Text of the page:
…we shall then be forced to the conclusion that Christ’s true meaning, concealed from those who lived in the same time and spoke the same language, and whom He Himself chose to be His messengers to the world, as well as from all their successors, has at last been discovered in our own time. (87) 
‘We know not what we shall be’; but we may be sure we shall be more, not less, than we were on earth. Our natural experiences (sensory, emotional, imaginative) are only like the drawing, like pencilled lines on flat paper. If they vanish in the risen life, they will vanish only as pencil lines vanish from the real landscape, not as candle flame that is put out but as a candle flame which becomes invisible because someone has pulled up the blind, thrown open the shutters, and let in the laze of the risen sun. (111)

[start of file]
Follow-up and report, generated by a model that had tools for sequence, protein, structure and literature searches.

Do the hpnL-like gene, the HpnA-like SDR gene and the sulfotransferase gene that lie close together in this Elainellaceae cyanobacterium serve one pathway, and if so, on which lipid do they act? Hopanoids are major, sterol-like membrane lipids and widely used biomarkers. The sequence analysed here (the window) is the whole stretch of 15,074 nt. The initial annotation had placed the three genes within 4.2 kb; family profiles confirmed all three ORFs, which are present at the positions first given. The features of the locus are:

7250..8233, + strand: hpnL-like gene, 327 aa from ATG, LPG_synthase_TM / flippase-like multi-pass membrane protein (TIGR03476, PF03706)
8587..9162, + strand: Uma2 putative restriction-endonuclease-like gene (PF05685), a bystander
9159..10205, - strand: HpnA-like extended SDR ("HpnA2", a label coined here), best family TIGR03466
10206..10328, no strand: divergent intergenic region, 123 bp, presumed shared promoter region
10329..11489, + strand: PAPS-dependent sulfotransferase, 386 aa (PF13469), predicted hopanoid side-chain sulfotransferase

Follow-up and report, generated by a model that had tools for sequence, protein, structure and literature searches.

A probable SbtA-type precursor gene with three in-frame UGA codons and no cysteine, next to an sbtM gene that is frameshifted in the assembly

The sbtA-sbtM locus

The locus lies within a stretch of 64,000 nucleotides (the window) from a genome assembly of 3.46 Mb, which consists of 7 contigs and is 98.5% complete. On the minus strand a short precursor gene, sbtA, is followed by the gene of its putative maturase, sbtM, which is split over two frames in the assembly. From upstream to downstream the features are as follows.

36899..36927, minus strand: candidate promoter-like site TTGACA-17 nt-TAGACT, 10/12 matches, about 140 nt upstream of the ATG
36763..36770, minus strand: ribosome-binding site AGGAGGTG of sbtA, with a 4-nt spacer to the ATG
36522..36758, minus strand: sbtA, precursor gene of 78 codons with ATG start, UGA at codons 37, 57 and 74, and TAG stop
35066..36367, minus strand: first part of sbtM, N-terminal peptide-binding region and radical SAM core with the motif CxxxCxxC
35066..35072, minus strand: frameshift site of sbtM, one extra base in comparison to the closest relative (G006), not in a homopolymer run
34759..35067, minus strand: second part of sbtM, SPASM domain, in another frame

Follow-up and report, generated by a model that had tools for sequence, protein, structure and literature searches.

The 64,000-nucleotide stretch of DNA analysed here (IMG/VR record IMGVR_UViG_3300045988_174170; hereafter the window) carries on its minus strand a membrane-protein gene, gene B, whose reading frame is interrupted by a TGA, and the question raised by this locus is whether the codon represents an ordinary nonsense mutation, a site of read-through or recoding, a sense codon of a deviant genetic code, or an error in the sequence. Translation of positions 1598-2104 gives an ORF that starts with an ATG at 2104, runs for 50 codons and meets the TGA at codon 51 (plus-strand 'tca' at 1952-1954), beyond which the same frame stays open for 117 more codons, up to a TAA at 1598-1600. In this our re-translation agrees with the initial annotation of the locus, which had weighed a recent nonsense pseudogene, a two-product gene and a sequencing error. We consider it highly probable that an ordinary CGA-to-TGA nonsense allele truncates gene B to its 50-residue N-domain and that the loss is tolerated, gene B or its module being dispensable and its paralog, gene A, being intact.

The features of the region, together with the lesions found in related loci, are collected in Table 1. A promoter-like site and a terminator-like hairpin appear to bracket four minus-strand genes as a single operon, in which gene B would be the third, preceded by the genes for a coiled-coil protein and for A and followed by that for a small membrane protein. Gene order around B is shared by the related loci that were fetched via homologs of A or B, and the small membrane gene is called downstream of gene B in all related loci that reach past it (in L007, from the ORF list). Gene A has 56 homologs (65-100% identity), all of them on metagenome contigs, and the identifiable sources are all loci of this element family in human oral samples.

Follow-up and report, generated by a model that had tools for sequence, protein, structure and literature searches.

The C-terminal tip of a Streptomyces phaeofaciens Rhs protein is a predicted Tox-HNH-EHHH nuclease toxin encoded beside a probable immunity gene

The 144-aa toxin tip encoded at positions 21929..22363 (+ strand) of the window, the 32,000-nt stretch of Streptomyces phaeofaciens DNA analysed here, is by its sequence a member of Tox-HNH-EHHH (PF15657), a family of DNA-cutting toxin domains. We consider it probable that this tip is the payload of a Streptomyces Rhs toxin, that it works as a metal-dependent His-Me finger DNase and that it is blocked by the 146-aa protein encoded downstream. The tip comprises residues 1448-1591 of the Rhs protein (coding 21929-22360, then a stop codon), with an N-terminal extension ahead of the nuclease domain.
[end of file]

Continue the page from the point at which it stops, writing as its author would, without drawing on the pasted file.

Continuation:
I believe in Christianity as I believe the Sun has risen, not only because I see it, but because by it I see everything else. (140) 
Real forgiveness means looking steadily at the sin, the sin that is left over without any excuse, after all allowances have been made, and seeing it in all its horror, dirt, meanness, and malice, and nevertheless being wholly reconciled to the man who has done it. That, and only that, is forgiveness, and that we can always have from God if we ask for it. (181) 
Failures will be forgiven; it is acquiescence that is fatal, the permitted, regularised presence of an area in ourselves which we still claim for our own. We may never, this side of death, drive the invader out of our territory, but we must be in the Resistance, not in the Vichy government. And this, so far as I can yet see, must be begun again every day. (192)

How new are the problems new technology gives us?